The appeal of some of those contadino wines, as well as those produced by native Sicilian winemakers like Salvo Foti, began to draw the attention of outsiders (and in Sicily, anyone not born on the island qualifies as an outsider). Frank Cornelissen of Belgium, Tuscany’s Andrea Franchetti, and the American wine importer Marco de Grazia established wineries on the volcano’s slopes just after the turn of the millennium, and their wines began spreading Etna’s fame to American and European markets. Etna Rosso, made primarily from nerello mascalese, was the first to catch fire, garnering comparisons to Barolo and Burgundy for its delicate color and lithe acidity, coupled with a gritty texture and smoky minerality that evoke Etna’s blackened lava fields. Guizio finds that this dual personality makes them very versatile at the dining table. “They can go with pork, lamb or even grilled fish with a little char,” she says. “I always think of them when a table wants a bottle to go with several dishes.”

Etna Bianco has also begun to attract fans as the wines have become more widely available. Guizio notes that the white varieties (primarily carricante, with some catarratto and minella bianca) grow mainly on Etna’s eastern slope, facing the sea, in vineyards covered with ripiddu, glassy black fragments of volcanic rock that regularly blow down from the crater. “It’s no wonder the wines have so much minerality and briny character,” she says. “In some ways they’re similar to Chablis, but with age they develop petrol notes, like a riesling.” They aren’t light whites, she points out. “I like to pair them with mushrooms, shellfish or even pork.”

Guizio and Hock made several long visits to Etna over the span of two years, but ran into Italy’s infamous bureaucracy when they tried to get work visas that would allow a longer stay. The osteria never officially opened, and in 2012 they reluctantly left Etna for the last time. Guizio recalls their final, rather somber lunch at San Giorgio e il Drago. “It had been a bad year for porcini, and we were disappointed not to have had any. In the middle of our meal, the owner came rushing into the courtyard like he had just struck gold. He had a plastic bag filled with porcini that he had just received, and offered some to us. It made us so incredibly happy.”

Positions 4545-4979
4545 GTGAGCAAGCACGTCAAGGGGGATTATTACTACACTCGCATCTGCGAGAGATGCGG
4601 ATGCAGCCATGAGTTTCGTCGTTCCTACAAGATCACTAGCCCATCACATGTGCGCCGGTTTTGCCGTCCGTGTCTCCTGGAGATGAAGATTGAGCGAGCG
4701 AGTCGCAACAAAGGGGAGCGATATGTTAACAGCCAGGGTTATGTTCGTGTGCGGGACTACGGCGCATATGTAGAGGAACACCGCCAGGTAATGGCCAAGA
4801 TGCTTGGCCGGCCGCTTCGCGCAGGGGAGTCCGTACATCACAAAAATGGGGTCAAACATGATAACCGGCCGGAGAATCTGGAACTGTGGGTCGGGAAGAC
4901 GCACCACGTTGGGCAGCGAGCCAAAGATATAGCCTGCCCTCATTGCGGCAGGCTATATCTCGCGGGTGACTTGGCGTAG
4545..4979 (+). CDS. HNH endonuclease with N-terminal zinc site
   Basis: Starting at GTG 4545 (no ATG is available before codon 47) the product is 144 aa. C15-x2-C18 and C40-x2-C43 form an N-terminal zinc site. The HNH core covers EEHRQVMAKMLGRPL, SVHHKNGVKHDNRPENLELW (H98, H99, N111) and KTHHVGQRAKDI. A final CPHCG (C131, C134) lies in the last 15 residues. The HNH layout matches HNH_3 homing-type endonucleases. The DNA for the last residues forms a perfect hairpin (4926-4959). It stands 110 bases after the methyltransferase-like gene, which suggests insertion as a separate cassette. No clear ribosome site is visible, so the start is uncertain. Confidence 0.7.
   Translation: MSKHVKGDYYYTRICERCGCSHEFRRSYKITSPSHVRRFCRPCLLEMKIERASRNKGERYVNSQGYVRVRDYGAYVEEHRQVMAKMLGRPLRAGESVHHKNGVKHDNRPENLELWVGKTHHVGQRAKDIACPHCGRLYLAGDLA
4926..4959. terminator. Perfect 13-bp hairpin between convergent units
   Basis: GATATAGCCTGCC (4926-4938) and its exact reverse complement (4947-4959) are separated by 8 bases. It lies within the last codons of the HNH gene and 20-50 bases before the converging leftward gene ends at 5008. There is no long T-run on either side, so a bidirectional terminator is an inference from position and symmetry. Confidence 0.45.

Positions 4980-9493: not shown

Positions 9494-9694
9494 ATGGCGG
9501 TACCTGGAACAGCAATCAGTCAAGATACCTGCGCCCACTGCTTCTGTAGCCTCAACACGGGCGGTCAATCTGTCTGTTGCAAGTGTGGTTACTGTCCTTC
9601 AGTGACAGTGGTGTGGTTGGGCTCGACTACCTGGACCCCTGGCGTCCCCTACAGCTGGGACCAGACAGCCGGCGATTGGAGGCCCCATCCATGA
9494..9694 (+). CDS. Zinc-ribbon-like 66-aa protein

Volcano views from the vineyards
Volcano views from the vineyards

Guizio and Hock have moved on since then, but Etna still exerts a powerful draw. “Maybe it sounds cheesy, but there’s an energy that comes from living on the side of a volcano, from being in a place of pure natural beauty that also has such a sense of history,” reminisces Guizio. She’s now the wine director at Maialino in NYC, where she is determined to build up the Etna selections on the wine list. “Etna is one of the most exciting wine regions in the world. You can find examples that are like Beaujolais, or wines from the southern Rhône. I want to show the full spectrum of the mountain.”

Hock is the general manager and wine director at I Trulli, a few blocks north of Maialino, and continues to try to recreate dishes like the scaloppine they ate on Etna. Inspired by his time with Salvo Foti, Hock translated one of Foti’s books, The Wines of the Volcano, into English, including this passage: “On Etna, the best time in which to travel the “Strada del Vino” is certainly in October, during the harvest. This is when the smell is acrid and pungent, released from the cantinas (and palmentos) during the fermentation, filling the streets and intoxicating the traveler, stimulating the imagination and the desire for a fine glass of wine. If the weather is dull and dreary, you smell the fire in the air on which the sausages are happily dancing, eaten with slices of bread and olives: the right way to end a long day of harvesting and the only effective way to alleviate the fatigue of the harvesters.”

This article first appeared in W&S June 2017.

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Recipe

Scaloppine al Limone

From George Hock